September 25, 2019
By Colin Rushing, General Counsel
Every one of our members knows how important webcasting is to the overall music industry ecosystem, but not everyone knows how the rates paid by webcasters and other digital radio services are actually set. The answer is a little complicated, but the short version is that the rates paid by services that use the statutory license we administer are set by a government agency called the Copyright Royalty Board or CRB, a three-judge panel within the Library of Congress. Those judges hear proposals and supporting testimony and, after a two-year process, set rates for five-year periods. One of our missions is to represent the interests of artists and record labels in those proceedings, to ensure they are fairly paid for the music that they create and introduce into the world.
The current webcasting proceeding started at the beginning of the year, and will set the rates for 2021-2025. On Monday, SoundExchange filed our rate proposal and supporting testimony before the CRB. We’re asking the judges for a substantial increase in the rates paid by both ad-supported and subscription services. We’re also seeking an increase in the minimum fee paid by webcasters – a rate that has been frozen for about 20 years.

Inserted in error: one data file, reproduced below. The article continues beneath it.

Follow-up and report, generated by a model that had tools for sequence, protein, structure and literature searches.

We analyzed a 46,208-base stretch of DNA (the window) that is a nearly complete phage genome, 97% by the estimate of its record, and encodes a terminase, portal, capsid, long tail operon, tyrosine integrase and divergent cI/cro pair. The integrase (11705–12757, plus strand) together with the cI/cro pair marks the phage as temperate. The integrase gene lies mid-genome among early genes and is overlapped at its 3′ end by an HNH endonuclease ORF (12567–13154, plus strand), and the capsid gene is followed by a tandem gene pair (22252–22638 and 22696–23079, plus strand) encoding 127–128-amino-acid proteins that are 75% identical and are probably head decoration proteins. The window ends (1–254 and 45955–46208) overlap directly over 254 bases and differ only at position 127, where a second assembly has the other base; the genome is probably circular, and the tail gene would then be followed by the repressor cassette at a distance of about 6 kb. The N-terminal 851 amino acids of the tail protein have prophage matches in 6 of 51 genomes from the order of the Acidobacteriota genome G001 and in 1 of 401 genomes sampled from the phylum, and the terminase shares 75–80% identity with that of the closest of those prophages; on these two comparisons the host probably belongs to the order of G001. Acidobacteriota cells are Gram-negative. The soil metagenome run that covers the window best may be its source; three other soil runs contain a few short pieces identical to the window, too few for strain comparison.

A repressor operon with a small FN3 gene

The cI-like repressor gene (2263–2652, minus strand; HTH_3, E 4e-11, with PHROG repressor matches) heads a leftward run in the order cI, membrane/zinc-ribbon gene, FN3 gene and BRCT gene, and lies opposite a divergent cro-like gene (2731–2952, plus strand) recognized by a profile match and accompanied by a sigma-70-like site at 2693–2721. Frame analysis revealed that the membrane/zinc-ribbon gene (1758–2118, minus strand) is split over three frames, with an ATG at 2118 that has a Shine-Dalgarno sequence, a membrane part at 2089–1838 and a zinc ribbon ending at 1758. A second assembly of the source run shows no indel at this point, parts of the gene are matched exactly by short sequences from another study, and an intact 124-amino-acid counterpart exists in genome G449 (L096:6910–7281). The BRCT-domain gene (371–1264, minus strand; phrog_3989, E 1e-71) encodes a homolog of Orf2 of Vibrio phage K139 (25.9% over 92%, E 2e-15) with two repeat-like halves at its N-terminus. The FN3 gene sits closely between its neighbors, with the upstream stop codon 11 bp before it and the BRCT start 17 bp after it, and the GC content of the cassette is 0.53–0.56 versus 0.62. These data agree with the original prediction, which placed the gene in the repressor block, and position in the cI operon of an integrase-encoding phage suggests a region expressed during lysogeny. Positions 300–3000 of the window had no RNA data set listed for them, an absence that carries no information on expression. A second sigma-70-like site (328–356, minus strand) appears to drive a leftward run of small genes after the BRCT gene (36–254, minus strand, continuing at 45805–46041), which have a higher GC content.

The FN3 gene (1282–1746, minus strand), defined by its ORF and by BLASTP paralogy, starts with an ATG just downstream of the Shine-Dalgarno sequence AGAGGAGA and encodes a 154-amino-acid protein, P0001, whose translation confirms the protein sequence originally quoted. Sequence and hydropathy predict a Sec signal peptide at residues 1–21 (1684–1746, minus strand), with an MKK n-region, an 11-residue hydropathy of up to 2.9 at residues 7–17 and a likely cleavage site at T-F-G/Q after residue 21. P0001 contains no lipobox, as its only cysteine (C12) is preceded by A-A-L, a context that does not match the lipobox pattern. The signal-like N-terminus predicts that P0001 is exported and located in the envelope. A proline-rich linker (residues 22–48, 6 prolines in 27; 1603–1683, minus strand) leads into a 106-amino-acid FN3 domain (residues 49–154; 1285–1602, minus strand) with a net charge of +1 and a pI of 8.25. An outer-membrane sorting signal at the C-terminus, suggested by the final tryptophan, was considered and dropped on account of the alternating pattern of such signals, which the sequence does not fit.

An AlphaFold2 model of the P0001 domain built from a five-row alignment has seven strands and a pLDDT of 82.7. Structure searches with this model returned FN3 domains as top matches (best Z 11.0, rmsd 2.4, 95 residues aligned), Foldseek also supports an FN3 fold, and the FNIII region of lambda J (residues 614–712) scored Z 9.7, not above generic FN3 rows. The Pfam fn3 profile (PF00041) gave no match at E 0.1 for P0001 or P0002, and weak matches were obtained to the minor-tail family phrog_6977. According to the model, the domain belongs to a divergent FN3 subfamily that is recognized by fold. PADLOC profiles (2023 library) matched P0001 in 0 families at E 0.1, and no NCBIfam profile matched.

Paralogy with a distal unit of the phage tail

Our goal is to ensure that digital radio services pay a fair market rate for the music that they use. Make no mistake: If you make music, you deserve to be paid more than you are now, and we are going to fight to get you what you deserve.
I’m also happy to announce that we have reached a settlement with NPR and the Corporation for Public Broadcasting that will set the rates for public radio’s online webcasting as well as another settlement with College Broadcasters, Inc. that will set the rates for webcasting by stations at educational institutions. These settlements will allow public radio and educational stations to focus on their stated missions while also emphasizing the importance and value of the music that these stations play.